Liberal and conservative. Terms everybody uses and "knows" what they mean but can't define. It's a false dichotomy.

      I strive for orthodox Catholicism which does not fit within those ill-defined political categories. What passes for observable "political conservatism", at least in America, is actually Enlightenment liberalism--or more accurately an embracing of the errors of the Enlightenment. "Political liberalism" as observable today is just a more advanced form.

      I don't waste a lot of time trying to find a political label for myself because what I'd embrace is not about to appear on the actual landscape at least until there is a divine correction.

      To put it another way, I've observed that humanity on a natural level has demonstrated three things: people are not capable of ruling others; people are not capable of being ruled by others; people are not capable of ruling themselves. Doesn't leave a lot of options on a natural level.

      Any just society must operate on supernatural grace. God appears to be withdrawing that in our present age. It's why things are flying apart.

      From what I've seen you write, you appear to be squishy on the Catholic teaching on the death penalty. I don't begrudge you that as you've dealt with it up close and personal. I've observed that people always get squishy (or callously rigid which I'd argue is the same response in a different direction) when they personally have to confront a teaching. I'd tell you where I'm squishy, but due to the capacity for human rationalization it is not something self-observable and needs to be pointed out by others. You can check out the recent Aleteia.org article by a conveniently anonymous "catholic theologian" rationalizing her personal confrontation with communion for adulterers.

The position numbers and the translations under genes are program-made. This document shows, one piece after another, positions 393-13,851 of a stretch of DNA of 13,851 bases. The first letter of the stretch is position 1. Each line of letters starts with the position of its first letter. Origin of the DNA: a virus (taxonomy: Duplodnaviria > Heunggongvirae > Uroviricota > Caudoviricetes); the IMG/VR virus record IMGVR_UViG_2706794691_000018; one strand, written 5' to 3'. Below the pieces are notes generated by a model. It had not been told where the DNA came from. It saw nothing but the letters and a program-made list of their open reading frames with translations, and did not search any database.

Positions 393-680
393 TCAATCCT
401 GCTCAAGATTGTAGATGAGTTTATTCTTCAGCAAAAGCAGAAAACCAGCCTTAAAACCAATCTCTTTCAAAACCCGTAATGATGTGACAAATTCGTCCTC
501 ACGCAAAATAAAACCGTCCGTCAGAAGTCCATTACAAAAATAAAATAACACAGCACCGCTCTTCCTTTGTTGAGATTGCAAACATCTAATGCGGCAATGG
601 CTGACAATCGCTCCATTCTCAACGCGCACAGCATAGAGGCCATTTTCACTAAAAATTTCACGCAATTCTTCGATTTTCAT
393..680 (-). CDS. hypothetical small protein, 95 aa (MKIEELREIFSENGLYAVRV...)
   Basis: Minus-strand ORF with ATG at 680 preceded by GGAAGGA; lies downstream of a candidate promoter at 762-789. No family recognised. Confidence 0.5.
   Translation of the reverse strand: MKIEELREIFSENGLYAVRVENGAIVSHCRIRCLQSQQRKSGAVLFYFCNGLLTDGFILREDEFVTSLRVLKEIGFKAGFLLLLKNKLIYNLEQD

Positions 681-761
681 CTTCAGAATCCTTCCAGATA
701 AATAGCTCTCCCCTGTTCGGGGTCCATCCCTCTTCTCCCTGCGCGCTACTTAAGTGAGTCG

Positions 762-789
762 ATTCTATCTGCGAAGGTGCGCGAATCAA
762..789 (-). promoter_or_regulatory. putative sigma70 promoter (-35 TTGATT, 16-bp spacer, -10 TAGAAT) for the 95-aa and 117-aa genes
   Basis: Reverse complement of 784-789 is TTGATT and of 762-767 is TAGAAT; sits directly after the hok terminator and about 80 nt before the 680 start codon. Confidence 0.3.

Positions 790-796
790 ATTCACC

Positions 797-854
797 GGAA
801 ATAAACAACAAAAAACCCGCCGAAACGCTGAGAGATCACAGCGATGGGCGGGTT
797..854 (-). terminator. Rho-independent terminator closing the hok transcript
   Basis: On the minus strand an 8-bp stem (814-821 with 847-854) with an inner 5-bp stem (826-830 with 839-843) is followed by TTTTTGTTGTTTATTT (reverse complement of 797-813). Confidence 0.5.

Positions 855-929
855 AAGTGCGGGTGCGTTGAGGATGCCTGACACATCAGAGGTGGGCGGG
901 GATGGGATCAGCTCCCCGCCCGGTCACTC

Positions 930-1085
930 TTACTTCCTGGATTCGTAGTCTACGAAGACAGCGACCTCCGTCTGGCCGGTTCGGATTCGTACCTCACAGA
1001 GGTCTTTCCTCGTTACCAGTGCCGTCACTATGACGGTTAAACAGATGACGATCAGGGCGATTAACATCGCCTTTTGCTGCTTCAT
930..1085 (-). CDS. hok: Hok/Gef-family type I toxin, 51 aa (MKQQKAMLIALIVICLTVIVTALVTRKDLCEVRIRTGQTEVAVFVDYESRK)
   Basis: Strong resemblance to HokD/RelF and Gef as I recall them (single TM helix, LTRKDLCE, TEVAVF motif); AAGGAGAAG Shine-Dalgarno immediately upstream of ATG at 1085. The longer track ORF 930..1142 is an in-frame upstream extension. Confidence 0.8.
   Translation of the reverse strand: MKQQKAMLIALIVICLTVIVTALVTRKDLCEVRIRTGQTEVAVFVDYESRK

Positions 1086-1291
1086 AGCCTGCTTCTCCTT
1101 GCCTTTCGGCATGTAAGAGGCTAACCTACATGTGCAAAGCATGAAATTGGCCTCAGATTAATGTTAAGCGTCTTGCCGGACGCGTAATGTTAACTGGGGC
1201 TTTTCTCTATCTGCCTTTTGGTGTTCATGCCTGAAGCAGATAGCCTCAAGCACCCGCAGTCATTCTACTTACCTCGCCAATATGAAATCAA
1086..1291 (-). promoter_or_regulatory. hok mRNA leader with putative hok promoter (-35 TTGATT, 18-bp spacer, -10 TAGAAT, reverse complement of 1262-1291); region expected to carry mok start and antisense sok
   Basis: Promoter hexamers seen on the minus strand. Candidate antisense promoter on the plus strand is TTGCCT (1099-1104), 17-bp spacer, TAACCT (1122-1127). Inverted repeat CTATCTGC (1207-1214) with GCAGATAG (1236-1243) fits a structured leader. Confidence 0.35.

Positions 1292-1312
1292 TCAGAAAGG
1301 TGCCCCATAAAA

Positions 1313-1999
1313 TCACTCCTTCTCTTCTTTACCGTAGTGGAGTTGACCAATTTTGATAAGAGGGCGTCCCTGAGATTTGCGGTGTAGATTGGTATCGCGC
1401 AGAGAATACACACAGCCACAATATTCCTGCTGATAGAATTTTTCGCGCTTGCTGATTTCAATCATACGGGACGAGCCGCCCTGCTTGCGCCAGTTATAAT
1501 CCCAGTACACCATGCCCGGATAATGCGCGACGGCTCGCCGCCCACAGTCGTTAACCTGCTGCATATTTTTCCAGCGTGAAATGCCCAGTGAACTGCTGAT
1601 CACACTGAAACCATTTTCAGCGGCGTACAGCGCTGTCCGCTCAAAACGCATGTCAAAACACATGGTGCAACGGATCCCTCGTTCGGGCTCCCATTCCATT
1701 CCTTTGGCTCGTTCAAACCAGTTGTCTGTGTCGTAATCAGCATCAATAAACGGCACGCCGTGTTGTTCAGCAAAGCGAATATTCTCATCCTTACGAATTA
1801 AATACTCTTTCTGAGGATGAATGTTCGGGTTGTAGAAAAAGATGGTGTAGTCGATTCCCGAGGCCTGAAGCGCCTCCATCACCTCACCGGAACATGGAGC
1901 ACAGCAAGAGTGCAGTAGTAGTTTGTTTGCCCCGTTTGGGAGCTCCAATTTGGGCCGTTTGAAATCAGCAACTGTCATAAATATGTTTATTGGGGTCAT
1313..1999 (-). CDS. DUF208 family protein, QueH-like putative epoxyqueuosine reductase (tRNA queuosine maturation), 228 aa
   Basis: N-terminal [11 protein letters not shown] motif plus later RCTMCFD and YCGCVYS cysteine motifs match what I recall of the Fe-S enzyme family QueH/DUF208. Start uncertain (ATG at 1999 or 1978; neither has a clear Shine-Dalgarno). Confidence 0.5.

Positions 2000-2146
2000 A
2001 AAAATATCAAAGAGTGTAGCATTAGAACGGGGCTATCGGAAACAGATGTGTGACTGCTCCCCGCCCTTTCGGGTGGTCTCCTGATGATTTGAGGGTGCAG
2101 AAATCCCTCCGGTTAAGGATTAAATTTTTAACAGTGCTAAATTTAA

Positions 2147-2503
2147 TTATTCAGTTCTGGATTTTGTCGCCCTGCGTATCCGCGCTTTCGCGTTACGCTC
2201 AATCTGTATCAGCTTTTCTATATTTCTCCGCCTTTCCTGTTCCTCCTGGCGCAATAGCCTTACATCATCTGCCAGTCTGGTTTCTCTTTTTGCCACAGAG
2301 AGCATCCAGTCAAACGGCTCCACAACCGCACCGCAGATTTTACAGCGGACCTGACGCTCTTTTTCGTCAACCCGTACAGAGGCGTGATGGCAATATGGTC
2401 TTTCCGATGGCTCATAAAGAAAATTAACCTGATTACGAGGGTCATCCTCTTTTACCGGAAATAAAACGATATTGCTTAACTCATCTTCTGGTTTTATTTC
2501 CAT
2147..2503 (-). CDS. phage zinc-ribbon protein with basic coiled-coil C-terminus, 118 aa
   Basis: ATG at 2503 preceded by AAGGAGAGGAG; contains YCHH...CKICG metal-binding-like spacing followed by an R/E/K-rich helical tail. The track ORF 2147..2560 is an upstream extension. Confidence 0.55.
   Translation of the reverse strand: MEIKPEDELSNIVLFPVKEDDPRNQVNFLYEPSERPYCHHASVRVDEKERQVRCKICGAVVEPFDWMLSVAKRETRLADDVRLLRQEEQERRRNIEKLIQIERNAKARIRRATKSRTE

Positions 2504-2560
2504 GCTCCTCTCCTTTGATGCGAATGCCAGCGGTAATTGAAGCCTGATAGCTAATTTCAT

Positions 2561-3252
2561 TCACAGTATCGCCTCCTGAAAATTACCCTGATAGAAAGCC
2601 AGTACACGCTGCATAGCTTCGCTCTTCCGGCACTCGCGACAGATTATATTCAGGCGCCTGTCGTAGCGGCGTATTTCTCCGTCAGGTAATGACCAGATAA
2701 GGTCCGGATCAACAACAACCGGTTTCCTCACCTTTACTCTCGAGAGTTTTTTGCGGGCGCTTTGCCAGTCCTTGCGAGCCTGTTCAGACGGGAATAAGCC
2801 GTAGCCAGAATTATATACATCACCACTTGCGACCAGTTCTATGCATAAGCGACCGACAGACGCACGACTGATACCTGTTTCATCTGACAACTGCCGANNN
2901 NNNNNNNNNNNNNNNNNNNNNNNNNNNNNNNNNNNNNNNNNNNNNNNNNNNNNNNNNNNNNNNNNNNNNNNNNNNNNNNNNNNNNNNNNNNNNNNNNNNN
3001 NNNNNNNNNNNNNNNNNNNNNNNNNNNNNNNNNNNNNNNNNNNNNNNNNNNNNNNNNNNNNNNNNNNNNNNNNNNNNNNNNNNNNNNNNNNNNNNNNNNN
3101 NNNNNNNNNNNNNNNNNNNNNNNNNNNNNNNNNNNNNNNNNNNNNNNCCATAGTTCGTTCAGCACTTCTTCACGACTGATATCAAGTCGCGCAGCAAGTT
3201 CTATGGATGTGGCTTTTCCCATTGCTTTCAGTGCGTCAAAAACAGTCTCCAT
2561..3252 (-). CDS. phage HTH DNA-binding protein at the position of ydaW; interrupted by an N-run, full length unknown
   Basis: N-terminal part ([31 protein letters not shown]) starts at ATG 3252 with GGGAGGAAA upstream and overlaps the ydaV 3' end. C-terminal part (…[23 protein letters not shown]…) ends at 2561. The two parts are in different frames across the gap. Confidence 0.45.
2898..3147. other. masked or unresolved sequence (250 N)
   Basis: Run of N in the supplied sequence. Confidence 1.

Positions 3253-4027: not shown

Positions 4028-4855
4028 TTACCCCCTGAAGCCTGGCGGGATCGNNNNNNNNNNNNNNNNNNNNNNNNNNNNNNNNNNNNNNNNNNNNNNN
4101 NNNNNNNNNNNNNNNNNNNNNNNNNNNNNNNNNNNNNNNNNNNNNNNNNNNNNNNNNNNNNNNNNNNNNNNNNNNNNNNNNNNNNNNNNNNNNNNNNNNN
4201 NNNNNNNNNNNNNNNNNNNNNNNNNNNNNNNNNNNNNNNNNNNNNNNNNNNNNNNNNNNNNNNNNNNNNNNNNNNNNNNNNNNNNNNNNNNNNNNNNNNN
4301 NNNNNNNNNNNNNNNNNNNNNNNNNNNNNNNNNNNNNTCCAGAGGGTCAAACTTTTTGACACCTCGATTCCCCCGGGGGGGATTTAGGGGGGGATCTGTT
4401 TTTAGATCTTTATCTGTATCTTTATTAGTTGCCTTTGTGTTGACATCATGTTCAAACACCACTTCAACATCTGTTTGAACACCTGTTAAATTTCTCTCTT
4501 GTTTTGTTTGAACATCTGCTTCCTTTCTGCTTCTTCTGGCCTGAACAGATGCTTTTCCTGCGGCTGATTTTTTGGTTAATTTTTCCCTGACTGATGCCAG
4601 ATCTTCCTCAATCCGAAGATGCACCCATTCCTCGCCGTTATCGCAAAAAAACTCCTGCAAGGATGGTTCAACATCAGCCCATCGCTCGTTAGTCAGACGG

It doesn't disturb me that you're reluctant to apply the death penalty. People too eager to apply it probably frighten me more than those that wish to abolish it. I put my stake in the ground in insisting on continuity of doctrine within Catholic circles even if I don't bother advocating for it in the civil arena. It should remain on the books as at least a possibility, even if it is rarely applied. You made a case that 2267 cannot be skipped over, but appear in the process to skip over 2266 which is severely undermined by 2267 and all but eliminated with the phrase "practically nonexistent".

      What you fail to see in accepting a supposed "change in policy" on the part of Church with regard to the death penalty are the same pattern and tactics as changes in "policy" on other matters. The difference between applying mercy in cases of murder--which is not the only offense meriting the death penalty--and communion for serial adulterers is that in the case of murder it is an act in the past and so with repentance can be granted mercy without injury to the doctrine. But the practice of changing policy in one area leads to the practice of changing it areas that cause serious damage.